May 2019, London
Europe's biggest event for commercial and digital travel execs
Significant 2018, looking ahead and a Christmas wish list
Global expansion, natural disasters, Brexit woes, blockchain, and more, kept the travel industry on its toes this past year. Now it is onwards and upwards into the future
On many fronts, 2018 was a turbulent year for the travel industry. Among the challenges, a rethink on US immigration and travel rules, Brexit uncertainty and gyrating fuel prices. Natural disasters and global emergencies led to the tragic injury and death of many travellers- in Bali, the volcanic eruption, in Alaska, an earthquake in Alaska and the boat disaster in Phuket. Meanwhile, worries about over-tourism intensified, there was ongoing consolidation and, though no longer hot news, digitalisation continued to disrupt business models.
EyeforTravel canvassed views from across the industry on the past year and some of their views are below.
Overall says regular EyeforTravel columnist and airline expert Tom Bacon 2018 was a year of “extreme turbulence”. His view: “Aside from changing US immigration and travel rules and Brexit uncertainty in the UK, there was disruption within travel disruptors. Uber’s management continued to face scrutiny as ride-sharing company’s started to lose ground to bikes and scooters. Also interesting was SABRE’s acquisition of Farelogix, fuel prices were up, down and up again and the only constant was Alitalia's on going financial problems!”
Today, nearly one in five US adults have access to a smart speaker and adoption of these voice-powered devices has grown to 47.3 million adults in two years, or 20% of the US adult population according to research from Voicebot.ai. For this reason, says Abhijit Pal, Head of Research, Expedia, the most significant development in 2018 was the creation of a new path to purchase through the use of voice-activated assistants. “Brand Expedia made improvements to our Expedia Skill on Amazon Alexa, and launched the first Google Assistant travel action of its kind where you can not only browse, but book your hotel using voice.”
The most significant development in 2018 was the creation of a new path to purchase through the use of voice-activated assistants
Expedia’s Brent Harrison, Expedia’s VP of Product & Technology agrees: “The market has seen rapid adoption of these new technologies within the past year and we want to make sure that Expedia customers are able to get the travel information they need, exactly when they need it.”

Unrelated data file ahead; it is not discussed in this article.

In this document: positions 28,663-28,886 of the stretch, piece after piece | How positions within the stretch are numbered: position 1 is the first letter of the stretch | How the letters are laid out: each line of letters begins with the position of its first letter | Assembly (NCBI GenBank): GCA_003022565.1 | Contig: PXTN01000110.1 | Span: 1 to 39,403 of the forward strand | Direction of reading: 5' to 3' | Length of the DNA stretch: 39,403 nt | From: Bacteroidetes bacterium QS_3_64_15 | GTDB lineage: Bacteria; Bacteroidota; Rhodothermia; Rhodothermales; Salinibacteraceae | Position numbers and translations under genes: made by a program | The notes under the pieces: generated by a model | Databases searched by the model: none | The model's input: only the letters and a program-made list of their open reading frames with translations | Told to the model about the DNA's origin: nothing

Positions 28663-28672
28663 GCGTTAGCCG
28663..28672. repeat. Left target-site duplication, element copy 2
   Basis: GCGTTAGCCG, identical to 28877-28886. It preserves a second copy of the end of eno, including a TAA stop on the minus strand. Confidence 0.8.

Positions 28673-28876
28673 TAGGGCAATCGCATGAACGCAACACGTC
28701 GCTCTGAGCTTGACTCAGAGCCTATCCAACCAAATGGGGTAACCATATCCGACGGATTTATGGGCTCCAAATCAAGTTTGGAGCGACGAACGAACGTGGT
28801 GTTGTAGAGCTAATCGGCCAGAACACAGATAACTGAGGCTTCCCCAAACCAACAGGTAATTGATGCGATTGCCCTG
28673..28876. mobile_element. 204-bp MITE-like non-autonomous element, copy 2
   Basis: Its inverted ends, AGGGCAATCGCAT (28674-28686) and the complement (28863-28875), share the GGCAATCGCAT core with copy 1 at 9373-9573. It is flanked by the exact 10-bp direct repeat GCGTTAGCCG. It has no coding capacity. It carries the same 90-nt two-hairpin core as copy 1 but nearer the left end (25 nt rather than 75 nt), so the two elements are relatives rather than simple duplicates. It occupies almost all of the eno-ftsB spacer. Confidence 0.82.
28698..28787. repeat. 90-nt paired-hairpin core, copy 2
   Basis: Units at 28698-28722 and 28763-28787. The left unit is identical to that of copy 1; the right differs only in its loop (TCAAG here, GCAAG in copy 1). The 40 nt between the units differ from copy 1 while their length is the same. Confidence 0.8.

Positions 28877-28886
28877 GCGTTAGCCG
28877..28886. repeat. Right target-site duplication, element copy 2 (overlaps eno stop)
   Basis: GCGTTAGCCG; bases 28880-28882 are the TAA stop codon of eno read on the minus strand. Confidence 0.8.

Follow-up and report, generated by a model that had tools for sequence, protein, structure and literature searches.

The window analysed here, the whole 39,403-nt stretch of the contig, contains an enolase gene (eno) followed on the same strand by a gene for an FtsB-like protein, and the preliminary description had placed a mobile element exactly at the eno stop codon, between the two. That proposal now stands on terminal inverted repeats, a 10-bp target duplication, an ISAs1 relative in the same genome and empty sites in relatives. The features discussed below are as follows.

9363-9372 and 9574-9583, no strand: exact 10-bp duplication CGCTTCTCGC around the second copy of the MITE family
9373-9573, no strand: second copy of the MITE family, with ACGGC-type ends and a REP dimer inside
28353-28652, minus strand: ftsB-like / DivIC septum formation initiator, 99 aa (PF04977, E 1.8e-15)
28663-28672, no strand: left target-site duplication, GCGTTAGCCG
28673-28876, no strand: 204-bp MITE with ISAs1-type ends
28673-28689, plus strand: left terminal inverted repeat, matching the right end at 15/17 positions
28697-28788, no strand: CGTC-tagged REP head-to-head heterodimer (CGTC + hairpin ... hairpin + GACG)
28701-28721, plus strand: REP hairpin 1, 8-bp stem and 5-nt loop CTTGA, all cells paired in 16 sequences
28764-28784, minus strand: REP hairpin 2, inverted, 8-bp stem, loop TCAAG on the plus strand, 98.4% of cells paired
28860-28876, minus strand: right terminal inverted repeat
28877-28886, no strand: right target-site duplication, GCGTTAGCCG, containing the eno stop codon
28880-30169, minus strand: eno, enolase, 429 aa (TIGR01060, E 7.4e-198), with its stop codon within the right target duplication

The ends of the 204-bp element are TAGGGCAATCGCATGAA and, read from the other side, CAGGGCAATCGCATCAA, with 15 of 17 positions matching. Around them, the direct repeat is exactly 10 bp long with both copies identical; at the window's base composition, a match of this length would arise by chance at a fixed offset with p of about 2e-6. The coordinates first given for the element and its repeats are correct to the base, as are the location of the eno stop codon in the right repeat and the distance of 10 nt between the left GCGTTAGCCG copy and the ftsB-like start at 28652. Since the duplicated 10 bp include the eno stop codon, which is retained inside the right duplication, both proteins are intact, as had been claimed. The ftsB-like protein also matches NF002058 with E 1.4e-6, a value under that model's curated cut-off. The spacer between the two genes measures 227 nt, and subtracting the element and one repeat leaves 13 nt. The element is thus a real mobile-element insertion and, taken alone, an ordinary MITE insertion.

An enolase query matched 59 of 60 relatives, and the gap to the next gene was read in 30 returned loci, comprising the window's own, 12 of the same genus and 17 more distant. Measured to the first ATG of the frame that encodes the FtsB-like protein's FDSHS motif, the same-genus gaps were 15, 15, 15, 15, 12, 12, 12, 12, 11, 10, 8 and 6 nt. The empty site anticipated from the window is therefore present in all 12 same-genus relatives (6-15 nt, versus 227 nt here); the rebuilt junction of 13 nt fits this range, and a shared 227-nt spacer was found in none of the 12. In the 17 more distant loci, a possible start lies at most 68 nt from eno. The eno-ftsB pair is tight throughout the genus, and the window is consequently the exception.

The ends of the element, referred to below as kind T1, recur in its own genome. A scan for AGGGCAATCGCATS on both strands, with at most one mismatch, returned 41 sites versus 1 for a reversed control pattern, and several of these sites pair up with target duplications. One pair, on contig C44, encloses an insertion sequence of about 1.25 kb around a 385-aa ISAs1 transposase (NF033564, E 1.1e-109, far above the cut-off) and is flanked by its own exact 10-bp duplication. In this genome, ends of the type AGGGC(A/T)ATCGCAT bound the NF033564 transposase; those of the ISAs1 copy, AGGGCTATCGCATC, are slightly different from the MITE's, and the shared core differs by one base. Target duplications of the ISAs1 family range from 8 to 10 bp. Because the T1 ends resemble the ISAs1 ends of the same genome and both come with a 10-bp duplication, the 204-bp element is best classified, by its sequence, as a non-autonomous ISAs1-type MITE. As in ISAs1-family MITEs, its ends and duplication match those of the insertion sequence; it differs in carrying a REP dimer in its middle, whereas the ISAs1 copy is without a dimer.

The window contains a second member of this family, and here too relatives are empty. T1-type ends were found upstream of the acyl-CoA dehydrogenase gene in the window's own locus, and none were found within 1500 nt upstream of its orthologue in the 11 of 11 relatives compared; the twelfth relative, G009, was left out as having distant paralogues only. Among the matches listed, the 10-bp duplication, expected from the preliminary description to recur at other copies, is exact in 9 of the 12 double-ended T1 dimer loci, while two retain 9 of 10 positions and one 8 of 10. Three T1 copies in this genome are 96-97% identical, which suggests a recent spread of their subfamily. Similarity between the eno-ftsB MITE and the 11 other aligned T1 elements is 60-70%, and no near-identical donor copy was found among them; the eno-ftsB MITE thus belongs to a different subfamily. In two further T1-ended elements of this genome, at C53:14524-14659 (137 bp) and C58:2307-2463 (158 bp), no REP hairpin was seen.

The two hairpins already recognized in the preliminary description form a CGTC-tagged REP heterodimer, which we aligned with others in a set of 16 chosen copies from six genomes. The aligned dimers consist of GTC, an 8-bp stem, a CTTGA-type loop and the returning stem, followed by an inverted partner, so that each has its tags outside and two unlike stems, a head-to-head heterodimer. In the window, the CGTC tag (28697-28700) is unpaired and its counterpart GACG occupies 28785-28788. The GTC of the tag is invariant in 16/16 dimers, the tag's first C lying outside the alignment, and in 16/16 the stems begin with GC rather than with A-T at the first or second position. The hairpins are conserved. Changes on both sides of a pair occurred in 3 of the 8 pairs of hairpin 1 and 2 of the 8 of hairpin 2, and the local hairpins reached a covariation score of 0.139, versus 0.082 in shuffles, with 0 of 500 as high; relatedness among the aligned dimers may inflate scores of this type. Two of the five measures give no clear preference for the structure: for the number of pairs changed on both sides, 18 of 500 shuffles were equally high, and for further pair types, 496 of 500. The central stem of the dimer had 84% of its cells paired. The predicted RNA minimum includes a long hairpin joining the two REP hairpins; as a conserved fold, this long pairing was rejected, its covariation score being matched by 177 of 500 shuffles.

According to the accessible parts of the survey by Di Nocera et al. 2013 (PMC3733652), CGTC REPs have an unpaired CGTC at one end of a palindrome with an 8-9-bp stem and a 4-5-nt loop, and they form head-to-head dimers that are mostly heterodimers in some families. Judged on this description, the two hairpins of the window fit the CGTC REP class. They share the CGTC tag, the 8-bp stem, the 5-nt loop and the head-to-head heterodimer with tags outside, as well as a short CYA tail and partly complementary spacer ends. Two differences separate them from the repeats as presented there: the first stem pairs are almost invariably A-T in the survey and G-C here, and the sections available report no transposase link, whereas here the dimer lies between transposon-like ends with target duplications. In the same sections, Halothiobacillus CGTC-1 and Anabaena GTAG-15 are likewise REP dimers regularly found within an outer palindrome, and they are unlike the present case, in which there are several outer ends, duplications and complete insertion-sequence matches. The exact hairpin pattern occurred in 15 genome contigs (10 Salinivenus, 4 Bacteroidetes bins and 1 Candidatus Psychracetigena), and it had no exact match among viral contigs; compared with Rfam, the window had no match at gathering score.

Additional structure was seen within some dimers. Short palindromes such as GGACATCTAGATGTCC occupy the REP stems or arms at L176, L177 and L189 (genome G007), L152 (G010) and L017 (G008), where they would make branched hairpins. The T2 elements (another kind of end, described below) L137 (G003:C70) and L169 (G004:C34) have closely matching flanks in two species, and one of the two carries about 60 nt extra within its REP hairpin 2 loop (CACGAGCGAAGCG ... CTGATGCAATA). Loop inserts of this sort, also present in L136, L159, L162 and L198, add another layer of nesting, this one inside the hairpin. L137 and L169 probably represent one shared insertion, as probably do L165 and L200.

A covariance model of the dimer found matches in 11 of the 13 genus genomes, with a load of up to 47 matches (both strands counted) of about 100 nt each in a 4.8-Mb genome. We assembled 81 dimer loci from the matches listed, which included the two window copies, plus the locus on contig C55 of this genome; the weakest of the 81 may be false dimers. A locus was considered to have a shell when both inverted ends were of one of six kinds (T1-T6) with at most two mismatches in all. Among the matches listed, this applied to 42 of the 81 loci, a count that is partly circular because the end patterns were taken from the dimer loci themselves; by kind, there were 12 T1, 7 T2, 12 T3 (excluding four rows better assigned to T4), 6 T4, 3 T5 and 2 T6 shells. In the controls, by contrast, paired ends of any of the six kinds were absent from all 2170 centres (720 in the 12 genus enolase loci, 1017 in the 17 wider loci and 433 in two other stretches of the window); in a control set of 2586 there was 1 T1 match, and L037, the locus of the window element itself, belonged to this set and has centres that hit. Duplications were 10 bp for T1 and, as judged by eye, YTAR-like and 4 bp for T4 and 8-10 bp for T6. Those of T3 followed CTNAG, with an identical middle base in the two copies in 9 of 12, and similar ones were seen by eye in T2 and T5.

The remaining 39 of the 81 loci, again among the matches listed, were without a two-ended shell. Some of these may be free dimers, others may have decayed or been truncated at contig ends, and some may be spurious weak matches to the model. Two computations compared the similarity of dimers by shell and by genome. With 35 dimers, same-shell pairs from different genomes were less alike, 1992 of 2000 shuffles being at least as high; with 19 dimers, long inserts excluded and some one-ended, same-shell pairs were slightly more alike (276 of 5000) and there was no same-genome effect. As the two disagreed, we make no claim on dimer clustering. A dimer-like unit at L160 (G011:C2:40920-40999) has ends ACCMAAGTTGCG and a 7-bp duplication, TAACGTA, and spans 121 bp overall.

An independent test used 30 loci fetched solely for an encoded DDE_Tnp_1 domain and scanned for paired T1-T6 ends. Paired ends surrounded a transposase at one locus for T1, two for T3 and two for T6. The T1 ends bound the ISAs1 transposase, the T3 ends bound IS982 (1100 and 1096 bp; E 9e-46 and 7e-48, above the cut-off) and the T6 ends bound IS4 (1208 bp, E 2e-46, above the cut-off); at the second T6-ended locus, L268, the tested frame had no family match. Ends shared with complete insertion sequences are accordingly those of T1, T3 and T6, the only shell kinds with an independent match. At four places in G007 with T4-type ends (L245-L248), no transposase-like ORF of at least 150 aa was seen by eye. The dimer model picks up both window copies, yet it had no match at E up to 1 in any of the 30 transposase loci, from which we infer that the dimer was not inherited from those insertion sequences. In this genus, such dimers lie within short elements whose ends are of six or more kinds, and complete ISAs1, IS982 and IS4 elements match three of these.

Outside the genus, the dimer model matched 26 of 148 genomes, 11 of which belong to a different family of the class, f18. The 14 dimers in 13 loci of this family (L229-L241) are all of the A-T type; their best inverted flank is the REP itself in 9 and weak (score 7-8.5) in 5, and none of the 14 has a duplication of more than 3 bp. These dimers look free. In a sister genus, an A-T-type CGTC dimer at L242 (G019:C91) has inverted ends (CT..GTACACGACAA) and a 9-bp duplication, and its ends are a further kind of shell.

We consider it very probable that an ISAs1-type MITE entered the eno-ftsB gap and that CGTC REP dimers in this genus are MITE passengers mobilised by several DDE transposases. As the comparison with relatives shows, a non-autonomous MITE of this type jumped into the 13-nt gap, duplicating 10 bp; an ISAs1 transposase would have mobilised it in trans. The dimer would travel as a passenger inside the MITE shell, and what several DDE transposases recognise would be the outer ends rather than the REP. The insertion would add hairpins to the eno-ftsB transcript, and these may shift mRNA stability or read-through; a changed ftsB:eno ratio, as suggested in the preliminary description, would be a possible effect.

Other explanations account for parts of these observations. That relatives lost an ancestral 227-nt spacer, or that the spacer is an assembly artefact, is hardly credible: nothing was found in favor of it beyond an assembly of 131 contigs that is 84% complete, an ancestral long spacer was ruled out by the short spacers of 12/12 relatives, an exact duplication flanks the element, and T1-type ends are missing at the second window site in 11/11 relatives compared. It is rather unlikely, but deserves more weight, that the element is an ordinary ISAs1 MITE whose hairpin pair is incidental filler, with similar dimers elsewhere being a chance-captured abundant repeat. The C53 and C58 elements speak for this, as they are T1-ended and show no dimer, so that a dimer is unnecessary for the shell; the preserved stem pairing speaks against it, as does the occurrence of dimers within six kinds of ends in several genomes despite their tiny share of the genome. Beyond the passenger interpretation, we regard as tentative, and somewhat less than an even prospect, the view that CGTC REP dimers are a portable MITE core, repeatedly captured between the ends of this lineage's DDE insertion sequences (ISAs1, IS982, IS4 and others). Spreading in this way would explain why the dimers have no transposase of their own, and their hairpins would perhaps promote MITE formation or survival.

At KAYAK Europe, an Expedia company, it was a similar story. John-Lee Saez, Managing Director for KAYAK Europe, says in 2018 there were continued advances in chat-based innovation and voice search.
One of KAYAK’s innovations of the year, says Saez, was the augmented reality (AR) bag measurement tool, which helps travellers calculate a cabin bag’s size to know if it’ll fit in the overhead locker (or not) before arriving at the airport.
Useful, perhaps, but the jury is still out on whether it will deliver commercial value!
While innovations in voice search continued to be a focus, this did not signal the death of call centres. As part of its international growth strategy, Ctrip added international call centres in Edinburgh, Seoul and Tokyo to the nine it already has in China. Staffed by 15,000 specialist customer service staff members, who are available 24/7, 95% of customer calls can be answered within 20 seconds, says Victor Tseng, VP of Corporate Affairs at Ctrip.
Global expansion was certainly a significant development for Ctrip this past year. The air-ticket booking arm of Ctrip’s international brand Trip.com achieved three-digit growth in eight consecutive quarters. Meanwhile, the direct booking programme of Skyscanner, which was acquired by Ctrip in 2016, experienced revenue growth of around 250%, compared to the third-quarter of the previous fiscal year.
In September, Ctrip launched Trainpal, a UK train-ticketing app, which it claims will save an average of 37% on UK railway ticket fares. Amy Wei, GM of International Train Ticketing at Ctrip, will share more on this at The Travel CX and Acquisition Summit 2019. Other highlights for Chinese OTA Ctrip were strategic partnerships with global players in the travel industry including KLM and AccorHotels.